16 November 2006 Edition
Remembering the Past
Bloody Sunday 1920
BY SEÁN MacBRÁDAIGH
On Sunday, 21 November 1920, the IRA carried out one of its most successful counter intelligence operations with the execution of British spies in Dublin.
In response to IRA successes in the Tan War, the British Government had formed secret paramilitary death squads to augment the RIC, Black and Tans and Auxies. By late 1920, British Intelligence in Dublin, including what was known as the ‘Cairo Gang’ – 18 senior British Intelligence officers, had established an extensive network of informers around the city. Such a nest of spies and assassins was an immediate and dangerous threat to IRA personnel and others in Dublin.
Possessing the names and addresses of these British agents, the IRA Intelligence Department under Michael Collins put in train an audacious operation to wipe them out. On 20 November IRA Volunteers drawn from ‘the Squad’, attached to the Intelligence Department and the Dublin Brigade, were briefed on their targets, which included 20 agents at eight different locations.
Early the next morning the operation was mounted. Most of the executions occurred within a small, middle class area of south inner Dublin, with the exception of one shooting at the Gresham Hotel on O’Connell Street.
Fourteen members of the crown forces were killed and six wounded, including 12 agents and two Auxiliaries. Four of the British casualties were military intelligence officers and another four were Secret Service or MI5 agents. Only one Squad member was captured- Frank Teeling, and it was not very long before he escaped from prison. One IRA Volunteer was slightly wounded.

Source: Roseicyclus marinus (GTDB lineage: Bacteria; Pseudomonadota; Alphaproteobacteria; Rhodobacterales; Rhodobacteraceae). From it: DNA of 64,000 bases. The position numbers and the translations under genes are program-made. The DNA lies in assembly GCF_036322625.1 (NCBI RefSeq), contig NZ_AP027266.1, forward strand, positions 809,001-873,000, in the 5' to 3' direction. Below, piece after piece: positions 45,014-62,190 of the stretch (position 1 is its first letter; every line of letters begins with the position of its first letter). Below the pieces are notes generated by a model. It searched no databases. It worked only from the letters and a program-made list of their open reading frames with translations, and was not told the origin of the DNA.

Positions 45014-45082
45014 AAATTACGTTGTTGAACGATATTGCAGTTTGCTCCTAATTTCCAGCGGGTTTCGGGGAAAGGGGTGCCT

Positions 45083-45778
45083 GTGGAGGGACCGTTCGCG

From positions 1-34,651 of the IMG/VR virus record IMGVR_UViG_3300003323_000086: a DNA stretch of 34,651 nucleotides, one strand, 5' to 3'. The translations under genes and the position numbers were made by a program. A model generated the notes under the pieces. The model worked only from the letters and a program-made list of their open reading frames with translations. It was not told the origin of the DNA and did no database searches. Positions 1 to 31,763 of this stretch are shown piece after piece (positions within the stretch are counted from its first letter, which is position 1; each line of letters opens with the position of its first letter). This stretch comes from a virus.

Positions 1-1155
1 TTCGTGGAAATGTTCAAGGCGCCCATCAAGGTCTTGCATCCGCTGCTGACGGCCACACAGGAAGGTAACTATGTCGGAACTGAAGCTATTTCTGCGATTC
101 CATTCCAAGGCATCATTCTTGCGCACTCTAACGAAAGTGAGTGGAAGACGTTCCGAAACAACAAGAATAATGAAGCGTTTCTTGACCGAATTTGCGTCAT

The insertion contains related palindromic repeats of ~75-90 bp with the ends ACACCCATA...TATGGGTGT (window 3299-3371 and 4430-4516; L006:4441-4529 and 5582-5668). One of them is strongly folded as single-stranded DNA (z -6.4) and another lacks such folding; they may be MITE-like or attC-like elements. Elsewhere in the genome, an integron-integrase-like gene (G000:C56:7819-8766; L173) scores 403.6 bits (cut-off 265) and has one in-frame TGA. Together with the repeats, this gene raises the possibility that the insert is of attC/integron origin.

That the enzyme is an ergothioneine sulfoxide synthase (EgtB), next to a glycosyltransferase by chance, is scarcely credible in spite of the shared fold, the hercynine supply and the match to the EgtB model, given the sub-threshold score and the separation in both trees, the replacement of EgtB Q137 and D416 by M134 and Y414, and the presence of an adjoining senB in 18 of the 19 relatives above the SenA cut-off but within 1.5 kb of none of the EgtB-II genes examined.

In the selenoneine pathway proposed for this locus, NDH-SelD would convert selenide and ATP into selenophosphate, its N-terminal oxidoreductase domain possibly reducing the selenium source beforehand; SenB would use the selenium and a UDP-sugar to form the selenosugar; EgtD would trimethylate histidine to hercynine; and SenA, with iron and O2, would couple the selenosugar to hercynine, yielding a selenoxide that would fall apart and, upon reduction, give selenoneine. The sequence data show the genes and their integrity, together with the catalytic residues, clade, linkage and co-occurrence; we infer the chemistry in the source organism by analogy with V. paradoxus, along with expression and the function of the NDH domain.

The operation crippled British intelligence in Ireland and caused other agents and informers, in fear of their lives, to seek sanctuary in Dublin Castle. The British administration was outraged.
British forces, rocked to their foundations at the IRA’s action in taking out the eyes and ears of their network in Dublin, were hell bent on revenge.
As news of the operation emerged, around 10,000 spectators were at Croke Park to watch a friendly GAA football match between Dublin and Tipperary.
British forces including soldiers, Auxies and police raided the ground and opened fire with rifles and revolvers. As spectators ran for cover shots were fired into the crowd. Spectators who climbed over the Canal End Wall to escape were fired upon by troops outside the ground. As spectators streamed out of the ground they were met by an armoured car on St James Avenue firing its machine guns.
Two footballers, Michael Hogan and Jim Egan, were shot. Hogan died from his injuries. A young Wexford man who attempted to whisper an Act of Contrition into the dying Hogan’s ear was also shot dead.
Fourteen innocent civilians were killed in the massacre at Croke Park. The casualties included Jeannie Boyle, who had gone to the match with her fiancé and was due to be married five days later, and John Scott, who was 14 and so mutilated that it was initially thought that he had been savagely bayoneted. The youngest victims were aged ten and 11.
Not content with this savage attack on an innocent crowd, crown forces then took their vengeance out on three men arrested the previous day and held in Dublin Castle – Dick McKee, Peadar Clancy and Conor Clune. Their bodies were released later, with the statement that they had died ‘while trying to escape’.
McKee and Clancy were senior officers in the Dublin IRA, Clune was an uninvolved civilian. The British claimed the men were shot while ‘trying to escape’. But this lie was exposed by the state of the men’s bodies, covered as they were in deep bayonet wounds, their faces beaten to a pulp.
The savagery of the British reprisals, merely served to increase support for the IRA and further fuelled the struggle for freedom.
The IRA’s greatest blow against British intelligence was struck on 21 November 1921, 85 years ago.